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of Russia uses a method for converting, her Pagan subjects of Kamskatka, no less agreeable than effectual; which is, to exempt from taxes for ten years, such of them as profess the Christian religion. This practice may be political; but it tends not to advance religion, and is destructive of morality. Terror, on the other hand, may be equally effectual, but is not altogether fo agreeable. The people of Rum, one of the Hebrides, were Papists till the beginning of the present century, when in one day they were all profelyted to the Protestant faith. Maclean of Coll, their chieftain, went to the island with a protestant minifter, and ordered all the inhabitants to appear on Sunday at public worship. They came, but refused to hear a Protestant minifter. The chieftain reasoned with them: but finding that his reasonings made no impression, he laid hold of the most forward; and having made a deep impression on him with his cane, push'd him into the church. The rest followed like meek lambs; and from that day have continued firm Protestants. The Protestantism of Rum is
styled by their Popish neighbours, the faith of the yellow stick.
To apply any means for making proselytes, other than fair reasoning, appears to me a strange perversion. Can God be pleased with using rewards or punishments, or can any rational man justify them? What then should move any one to put them in practice? I should be utterly at a loss to answer the question, but. for a fact mentioned more than once above, that the rude and illiterate judge by fight only not by reflection. They lay weight on the external visible act, without thinking of intention, which is not visible. in truth, the bulk of mankind rest
upon the external profession of religion: they never think of the heart, nor consider how that stands affected. What else is it but the external act merely, that inoves the Romiih miffionaries to baptize the infants of favages even at the moment of expiring ? which they prosecute with much pious ardour. Their zeal merits applause, but not their judgement. Can any
rational person seriously believe, that the dipping a favage or an infant in water, will make either of them a Chri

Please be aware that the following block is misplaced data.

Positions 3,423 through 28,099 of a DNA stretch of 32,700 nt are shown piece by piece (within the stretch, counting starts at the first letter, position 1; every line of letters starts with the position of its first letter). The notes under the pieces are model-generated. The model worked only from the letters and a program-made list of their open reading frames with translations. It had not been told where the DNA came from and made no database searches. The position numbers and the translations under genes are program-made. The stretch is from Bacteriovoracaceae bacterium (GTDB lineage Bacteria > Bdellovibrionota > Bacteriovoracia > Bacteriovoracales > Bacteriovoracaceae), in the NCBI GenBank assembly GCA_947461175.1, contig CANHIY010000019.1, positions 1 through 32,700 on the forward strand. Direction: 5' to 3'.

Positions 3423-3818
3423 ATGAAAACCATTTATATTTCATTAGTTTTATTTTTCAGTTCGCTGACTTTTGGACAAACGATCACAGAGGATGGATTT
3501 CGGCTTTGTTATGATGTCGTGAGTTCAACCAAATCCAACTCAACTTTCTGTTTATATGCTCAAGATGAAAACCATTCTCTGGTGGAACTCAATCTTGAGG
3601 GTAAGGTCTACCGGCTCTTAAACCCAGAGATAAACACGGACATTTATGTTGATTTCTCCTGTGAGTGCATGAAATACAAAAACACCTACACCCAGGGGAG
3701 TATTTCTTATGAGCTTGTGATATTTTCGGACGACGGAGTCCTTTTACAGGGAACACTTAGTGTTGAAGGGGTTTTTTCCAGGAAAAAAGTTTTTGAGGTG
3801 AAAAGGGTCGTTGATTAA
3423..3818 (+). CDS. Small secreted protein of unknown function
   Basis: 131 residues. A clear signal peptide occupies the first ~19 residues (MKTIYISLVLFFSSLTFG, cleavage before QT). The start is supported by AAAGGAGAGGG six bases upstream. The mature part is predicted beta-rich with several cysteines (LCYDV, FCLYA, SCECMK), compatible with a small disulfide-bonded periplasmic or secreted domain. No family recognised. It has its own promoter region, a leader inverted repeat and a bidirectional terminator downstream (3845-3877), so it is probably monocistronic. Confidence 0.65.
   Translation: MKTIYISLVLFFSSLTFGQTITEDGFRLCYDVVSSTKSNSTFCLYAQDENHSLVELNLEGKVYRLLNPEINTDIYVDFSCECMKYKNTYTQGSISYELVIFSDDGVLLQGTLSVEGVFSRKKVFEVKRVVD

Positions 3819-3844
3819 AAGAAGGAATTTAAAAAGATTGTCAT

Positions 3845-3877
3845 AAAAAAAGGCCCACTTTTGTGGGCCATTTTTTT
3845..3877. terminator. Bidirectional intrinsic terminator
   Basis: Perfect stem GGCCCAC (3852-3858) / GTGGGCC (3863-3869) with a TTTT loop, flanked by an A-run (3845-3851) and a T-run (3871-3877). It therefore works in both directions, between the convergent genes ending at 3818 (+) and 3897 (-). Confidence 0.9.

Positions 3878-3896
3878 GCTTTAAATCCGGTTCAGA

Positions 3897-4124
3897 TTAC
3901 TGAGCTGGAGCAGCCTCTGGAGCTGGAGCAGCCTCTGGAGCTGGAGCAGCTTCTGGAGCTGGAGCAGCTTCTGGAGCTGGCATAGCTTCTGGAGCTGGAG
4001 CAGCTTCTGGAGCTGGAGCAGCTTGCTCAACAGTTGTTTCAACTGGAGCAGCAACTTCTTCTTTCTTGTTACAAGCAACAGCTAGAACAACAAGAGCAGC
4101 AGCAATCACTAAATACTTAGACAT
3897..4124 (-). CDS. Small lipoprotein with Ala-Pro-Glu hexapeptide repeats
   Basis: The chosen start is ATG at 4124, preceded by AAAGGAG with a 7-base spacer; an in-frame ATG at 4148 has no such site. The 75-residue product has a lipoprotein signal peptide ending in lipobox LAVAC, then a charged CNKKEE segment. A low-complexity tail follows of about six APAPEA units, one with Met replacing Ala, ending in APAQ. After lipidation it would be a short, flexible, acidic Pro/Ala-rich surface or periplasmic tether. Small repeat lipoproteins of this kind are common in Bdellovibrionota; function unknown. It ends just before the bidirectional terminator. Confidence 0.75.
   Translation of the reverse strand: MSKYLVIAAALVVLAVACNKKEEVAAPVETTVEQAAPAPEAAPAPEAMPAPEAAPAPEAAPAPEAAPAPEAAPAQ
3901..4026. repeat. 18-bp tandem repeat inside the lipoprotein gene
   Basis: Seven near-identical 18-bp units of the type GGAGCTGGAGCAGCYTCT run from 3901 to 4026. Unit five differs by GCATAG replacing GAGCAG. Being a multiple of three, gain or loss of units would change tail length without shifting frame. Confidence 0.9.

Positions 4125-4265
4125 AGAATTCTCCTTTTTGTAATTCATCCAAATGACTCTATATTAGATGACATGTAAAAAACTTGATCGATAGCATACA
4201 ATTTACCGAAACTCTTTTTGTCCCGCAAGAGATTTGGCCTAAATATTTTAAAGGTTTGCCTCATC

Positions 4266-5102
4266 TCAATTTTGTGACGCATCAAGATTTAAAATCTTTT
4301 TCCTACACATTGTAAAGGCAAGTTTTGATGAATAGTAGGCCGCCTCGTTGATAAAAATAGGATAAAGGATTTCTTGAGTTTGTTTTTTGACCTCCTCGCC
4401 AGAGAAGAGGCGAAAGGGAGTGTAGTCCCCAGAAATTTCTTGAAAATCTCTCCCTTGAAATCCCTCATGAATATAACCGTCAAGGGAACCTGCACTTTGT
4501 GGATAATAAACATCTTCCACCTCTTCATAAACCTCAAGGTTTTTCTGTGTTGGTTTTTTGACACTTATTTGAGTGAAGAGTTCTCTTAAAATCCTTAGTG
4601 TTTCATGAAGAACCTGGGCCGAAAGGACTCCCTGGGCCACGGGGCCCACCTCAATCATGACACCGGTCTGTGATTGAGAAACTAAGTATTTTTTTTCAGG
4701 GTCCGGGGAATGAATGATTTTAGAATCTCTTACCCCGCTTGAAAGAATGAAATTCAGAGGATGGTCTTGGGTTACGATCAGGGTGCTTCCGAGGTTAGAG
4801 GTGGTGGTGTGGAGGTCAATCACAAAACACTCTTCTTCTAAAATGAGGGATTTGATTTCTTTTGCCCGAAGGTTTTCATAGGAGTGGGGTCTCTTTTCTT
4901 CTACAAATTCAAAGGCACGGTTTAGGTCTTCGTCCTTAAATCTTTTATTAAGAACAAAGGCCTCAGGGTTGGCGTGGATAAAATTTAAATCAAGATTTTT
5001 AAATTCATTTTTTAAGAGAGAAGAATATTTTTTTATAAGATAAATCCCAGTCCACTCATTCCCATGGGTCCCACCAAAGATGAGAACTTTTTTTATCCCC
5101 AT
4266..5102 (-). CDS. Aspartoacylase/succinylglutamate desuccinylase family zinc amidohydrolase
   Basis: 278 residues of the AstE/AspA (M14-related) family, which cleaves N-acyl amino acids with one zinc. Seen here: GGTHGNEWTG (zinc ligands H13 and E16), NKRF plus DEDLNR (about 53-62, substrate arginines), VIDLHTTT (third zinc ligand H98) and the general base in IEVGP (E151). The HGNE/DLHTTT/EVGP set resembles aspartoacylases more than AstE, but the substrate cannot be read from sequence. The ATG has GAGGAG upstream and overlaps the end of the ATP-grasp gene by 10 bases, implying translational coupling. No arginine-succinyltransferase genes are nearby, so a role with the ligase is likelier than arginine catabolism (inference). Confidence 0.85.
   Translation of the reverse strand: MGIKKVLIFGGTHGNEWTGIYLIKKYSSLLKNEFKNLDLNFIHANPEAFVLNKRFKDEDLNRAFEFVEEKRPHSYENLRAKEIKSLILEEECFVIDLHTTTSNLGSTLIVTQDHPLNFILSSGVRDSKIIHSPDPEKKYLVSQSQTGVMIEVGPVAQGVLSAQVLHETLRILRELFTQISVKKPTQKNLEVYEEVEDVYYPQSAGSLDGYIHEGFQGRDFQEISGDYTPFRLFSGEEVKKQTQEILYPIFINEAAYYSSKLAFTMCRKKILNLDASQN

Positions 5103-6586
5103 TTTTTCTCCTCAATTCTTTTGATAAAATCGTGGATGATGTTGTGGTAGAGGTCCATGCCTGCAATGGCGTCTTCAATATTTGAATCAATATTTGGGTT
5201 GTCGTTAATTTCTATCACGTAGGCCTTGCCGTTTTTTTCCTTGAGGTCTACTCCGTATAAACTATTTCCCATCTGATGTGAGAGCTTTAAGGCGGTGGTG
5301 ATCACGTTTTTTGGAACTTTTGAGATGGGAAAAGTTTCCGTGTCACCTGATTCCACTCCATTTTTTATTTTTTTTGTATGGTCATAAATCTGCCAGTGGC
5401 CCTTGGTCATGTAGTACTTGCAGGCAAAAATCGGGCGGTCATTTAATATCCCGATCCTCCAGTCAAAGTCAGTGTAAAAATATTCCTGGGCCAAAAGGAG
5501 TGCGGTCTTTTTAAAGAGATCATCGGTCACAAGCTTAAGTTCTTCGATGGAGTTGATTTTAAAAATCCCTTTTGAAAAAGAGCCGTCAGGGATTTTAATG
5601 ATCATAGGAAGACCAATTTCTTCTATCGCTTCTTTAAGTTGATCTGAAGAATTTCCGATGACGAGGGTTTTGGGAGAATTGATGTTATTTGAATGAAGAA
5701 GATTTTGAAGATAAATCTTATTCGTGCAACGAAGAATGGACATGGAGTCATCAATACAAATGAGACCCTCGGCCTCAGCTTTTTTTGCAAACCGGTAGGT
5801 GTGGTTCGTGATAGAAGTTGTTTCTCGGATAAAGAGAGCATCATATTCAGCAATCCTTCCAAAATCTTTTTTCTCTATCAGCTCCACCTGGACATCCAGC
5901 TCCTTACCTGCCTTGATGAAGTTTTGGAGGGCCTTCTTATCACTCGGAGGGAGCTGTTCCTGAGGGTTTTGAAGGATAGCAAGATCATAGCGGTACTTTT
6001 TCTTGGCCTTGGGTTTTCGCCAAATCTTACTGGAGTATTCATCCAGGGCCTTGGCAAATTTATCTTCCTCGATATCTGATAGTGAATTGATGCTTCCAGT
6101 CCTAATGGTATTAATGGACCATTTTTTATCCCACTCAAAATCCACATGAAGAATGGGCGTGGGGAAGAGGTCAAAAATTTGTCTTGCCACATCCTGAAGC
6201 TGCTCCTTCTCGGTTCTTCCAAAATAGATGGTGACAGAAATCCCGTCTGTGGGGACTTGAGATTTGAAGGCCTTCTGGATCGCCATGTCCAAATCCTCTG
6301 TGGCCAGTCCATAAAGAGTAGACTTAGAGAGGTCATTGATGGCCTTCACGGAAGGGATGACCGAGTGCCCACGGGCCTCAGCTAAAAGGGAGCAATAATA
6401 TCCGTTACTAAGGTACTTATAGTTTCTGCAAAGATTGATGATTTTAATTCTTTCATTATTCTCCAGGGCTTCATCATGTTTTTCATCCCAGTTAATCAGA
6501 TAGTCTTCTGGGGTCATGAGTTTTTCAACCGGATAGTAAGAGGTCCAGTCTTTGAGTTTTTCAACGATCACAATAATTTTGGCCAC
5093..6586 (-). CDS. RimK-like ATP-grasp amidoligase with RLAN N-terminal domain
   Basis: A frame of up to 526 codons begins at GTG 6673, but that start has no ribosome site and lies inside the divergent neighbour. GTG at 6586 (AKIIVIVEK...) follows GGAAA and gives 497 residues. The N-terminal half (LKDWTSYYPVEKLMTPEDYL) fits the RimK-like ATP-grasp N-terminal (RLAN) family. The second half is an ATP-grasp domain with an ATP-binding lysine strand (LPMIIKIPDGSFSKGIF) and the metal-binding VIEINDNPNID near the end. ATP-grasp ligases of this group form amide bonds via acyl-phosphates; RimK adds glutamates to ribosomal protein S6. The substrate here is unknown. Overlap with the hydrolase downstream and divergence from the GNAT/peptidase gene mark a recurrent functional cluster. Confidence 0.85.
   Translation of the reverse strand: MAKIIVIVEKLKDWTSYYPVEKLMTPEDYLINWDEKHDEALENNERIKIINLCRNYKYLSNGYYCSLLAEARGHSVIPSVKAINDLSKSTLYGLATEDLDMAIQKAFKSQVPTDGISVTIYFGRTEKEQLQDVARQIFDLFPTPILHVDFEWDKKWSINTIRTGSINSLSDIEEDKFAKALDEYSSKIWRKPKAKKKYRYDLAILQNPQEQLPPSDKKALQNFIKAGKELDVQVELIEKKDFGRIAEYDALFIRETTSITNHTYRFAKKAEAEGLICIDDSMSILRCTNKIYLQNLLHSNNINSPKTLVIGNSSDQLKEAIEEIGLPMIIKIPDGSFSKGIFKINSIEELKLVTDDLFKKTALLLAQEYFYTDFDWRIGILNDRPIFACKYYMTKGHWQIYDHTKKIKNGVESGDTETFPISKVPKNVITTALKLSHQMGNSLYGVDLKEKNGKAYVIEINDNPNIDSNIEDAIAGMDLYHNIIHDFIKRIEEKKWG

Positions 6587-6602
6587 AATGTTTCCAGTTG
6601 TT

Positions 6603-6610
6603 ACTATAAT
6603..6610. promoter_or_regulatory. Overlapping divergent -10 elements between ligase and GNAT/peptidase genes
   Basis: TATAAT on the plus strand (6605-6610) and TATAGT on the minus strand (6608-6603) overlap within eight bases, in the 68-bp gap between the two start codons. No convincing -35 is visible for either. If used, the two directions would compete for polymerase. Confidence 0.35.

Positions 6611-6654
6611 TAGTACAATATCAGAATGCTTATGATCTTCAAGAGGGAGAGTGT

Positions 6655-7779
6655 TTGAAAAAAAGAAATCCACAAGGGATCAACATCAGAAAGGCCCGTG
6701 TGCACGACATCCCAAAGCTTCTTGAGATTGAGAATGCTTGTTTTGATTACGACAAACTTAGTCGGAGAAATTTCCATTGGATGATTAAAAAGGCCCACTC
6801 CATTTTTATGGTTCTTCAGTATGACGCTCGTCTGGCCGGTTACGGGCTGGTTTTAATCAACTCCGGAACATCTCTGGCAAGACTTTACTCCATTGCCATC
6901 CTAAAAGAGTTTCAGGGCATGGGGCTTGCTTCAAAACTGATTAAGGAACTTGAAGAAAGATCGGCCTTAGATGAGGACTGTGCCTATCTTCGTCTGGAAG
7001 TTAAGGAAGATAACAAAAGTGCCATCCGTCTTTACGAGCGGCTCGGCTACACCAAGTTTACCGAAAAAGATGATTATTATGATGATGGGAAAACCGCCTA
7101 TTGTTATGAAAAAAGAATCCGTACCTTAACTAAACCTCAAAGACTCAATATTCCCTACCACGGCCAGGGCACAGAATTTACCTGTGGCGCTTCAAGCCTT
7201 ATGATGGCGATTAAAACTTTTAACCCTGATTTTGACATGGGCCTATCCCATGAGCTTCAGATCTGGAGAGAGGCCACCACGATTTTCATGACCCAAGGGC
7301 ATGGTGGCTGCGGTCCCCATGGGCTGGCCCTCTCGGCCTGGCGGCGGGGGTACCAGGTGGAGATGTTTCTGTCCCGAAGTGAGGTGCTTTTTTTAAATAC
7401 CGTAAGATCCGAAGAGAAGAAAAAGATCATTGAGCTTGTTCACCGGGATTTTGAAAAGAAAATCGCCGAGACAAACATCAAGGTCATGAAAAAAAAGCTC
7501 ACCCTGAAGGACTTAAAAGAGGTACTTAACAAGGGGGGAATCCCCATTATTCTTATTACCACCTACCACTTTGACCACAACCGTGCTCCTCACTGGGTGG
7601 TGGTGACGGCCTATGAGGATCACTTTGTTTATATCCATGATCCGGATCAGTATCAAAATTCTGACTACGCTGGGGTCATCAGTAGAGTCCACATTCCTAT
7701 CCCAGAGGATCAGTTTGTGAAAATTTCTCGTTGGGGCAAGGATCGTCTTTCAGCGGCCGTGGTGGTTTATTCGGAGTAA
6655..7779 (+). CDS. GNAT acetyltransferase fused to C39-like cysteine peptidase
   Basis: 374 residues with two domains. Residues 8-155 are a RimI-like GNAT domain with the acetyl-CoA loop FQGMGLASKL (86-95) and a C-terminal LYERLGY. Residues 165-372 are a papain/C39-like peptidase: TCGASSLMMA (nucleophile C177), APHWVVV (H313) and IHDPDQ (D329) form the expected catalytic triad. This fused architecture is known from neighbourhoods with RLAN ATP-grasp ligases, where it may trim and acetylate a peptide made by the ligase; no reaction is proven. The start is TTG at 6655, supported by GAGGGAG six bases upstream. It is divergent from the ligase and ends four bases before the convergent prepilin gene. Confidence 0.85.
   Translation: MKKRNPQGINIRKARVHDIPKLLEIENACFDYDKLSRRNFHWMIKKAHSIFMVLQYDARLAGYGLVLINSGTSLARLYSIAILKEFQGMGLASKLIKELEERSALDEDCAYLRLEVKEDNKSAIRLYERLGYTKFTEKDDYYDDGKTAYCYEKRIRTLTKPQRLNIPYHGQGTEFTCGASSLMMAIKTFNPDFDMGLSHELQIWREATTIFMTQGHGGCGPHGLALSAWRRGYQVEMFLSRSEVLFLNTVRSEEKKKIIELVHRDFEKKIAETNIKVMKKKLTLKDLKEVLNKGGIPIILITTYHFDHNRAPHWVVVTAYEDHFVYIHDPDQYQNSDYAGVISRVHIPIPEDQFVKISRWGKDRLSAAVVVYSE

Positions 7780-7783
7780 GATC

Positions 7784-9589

stian, or that the want of this ceremony will precipitate thein into hell? The Lithuanians, before their conversion to Christianity, worshipped serpents, every fami . ly entertaining one as a household god. Sigisinundus, in his commentaries of Mufa: covy, reports the following incident. A converted Christian having persuaded a neighbour to follow his example, and in token of his conversion to kill his serpent, was furprised at his next visit, to find his convert in the deepest melancholy, bitterly lamenting that he had murdered his god, and that the most dreadful calamities would befal him. Was this person a Christian more than nominally? At the end of the last century when Kempfer was in Japan, there remained but about fifty Japan Christians, who were locked up in prison for life. These poor people knew no more of the Christian religion, but the names of our Saviour and of the Virgin Mary; and yet so zealous Christians were they, as rather to die miserably in jail, than to renounce the name of Christ, and be ser at liberty. The inhabitants of the island Annaboa in the gulf of Guinea have been converted by the Portuguese to ChriVol. IV.
stianity. No more is required of them, as Bosman observes, but to repeat a Pater nofter and Ave Maria, confess to the priest, and bring offerings to him.
I cannot with fatisfaction conclude this. sketch, without congratulating my present countrymen of Britain, upon their knowledge of the intimate connection that true religion has with morality. May the importance of that connection, always at heart, excite us to govern every action of our lives by the united principles of morality and religion :-- what a happy people would we be !
A P P E N D I X.
Sketches concerning SCOTLAND.
SK ET CH
Scotch Entails considered in Moral and Pom
AN is by nature a hoarding animal; and to secure what is ac
quired by honest industry, the sense of property is made a branch of human nature (a). During the infancy of nations, when artificial wants are unknown, the hoarding appetite makes no figure. The use of money produced a great alteration in the human heart. Money having at command the goods of fortune, introduced inequality of rank, luxury, and artificial wants without end.
(a) Book 1. sketch 2.
3 I 2